This is a family house located in the hinterland of Byron Bay. It sits on a fabulous site of large gardens that overlook the bay. It is a courtyard house in plan with a series of rooms and decks surrounding the central space. The house is not only a place of habitation but also a gallery of indigenous art works.
The indigenous works on bark and timber and the timber and stone sculptures inspired the timber engineered solution in structure and detail. The courtyard plan suggested a grid of rooms, some open and some closed, but all held together by a principal post and beam structure. The influence of traditional Japanes pavillions is apparent.
The main post and beam structure is always exposed and always present. The connections are a display of craftsmanship and the control of dimension. The spans and grid of the building are determined by the timber sizes and maximum spans for this type of structure.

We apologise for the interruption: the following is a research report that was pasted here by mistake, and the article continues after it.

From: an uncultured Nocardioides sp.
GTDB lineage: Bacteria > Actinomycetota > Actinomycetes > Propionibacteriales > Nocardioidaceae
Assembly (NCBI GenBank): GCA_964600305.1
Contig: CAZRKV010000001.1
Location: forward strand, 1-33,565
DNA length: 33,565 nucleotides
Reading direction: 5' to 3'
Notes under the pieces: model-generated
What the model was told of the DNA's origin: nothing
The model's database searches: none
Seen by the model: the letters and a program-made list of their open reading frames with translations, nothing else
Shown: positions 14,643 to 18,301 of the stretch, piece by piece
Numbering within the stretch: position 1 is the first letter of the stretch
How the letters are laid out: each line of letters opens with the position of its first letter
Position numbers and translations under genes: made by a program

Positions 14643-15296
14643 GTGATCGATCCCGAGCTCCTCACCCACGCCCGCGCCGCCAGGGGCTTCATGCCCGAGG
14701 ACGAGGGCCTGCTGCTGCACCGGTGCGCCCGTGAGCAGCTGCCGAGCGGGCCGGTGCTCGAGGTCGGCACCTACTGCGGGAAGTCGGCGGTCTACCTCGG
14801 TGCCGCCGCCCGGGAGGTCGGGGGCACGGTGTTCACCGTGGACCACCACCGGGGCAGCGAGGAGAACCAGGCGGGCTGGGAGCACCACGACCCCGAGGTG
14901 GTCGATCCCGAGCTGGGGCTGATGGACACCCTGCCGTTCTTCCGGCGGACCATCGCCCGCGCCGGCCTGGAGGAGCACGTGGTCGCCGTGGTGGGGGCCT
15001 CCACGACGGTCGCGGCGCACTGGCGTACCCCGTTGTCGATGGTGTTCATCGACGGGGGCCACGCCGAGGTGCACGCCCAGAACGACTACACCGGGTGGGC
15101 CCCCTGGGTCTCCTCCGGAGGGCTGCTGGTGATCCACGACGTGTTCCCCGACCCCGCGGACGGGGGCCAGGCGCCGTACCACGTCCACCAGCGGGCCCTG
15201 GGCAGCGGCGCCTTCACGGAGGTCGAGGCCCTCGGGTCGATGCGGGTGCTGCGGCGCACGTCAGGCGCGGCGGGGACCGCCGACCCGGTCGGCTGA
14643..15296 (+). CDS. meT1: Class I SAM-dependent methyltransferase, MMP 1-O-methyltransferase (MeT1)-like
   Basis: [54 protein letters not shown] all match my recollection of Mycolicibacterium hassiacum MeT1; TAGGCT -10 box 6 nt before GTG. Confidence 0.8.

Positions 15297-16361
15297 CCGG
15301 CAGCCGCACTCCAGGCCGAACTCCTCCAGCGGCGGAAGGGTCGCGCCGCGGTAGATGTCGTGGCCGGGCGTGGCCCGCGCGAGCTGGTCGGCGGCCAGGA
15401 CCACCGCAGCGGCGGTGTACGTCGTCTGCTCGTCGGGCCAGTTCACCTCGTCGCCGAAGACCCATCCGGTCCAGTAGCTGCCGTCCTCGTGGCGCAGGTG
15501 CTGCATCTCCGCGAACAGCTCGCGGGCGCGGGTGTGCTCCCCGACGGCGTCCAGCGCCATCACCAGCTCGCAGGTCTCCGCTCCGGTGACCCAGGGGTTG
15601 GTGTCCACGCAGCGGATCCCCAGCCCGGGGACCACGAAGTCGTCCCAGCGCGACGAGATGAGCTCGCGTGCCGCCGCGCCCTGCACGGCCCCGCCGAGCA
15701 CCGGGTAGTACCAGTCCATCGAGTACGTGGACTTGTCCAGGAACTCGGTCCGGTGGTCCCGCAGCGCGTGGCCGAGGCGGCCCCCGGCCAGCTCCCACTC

The post and beam frame is then broken down into parts and detailed with smaller sections. The cladding is a series of vertical boards of different dimension that allow control of alignment and detail at openings. The internal walls are timber framed and plywood clad. The background structure is then overlaid with an intricate layer of detailed timber screens and joinery.
In all places the details and structure have been designed to be built,crafted and displayed. Timber is used for its inherent warmth and character. Within the landscape the house is a background, within the house the structure is a background and within the structure the detail is the background, and within the details is care and craftsmandship of timber.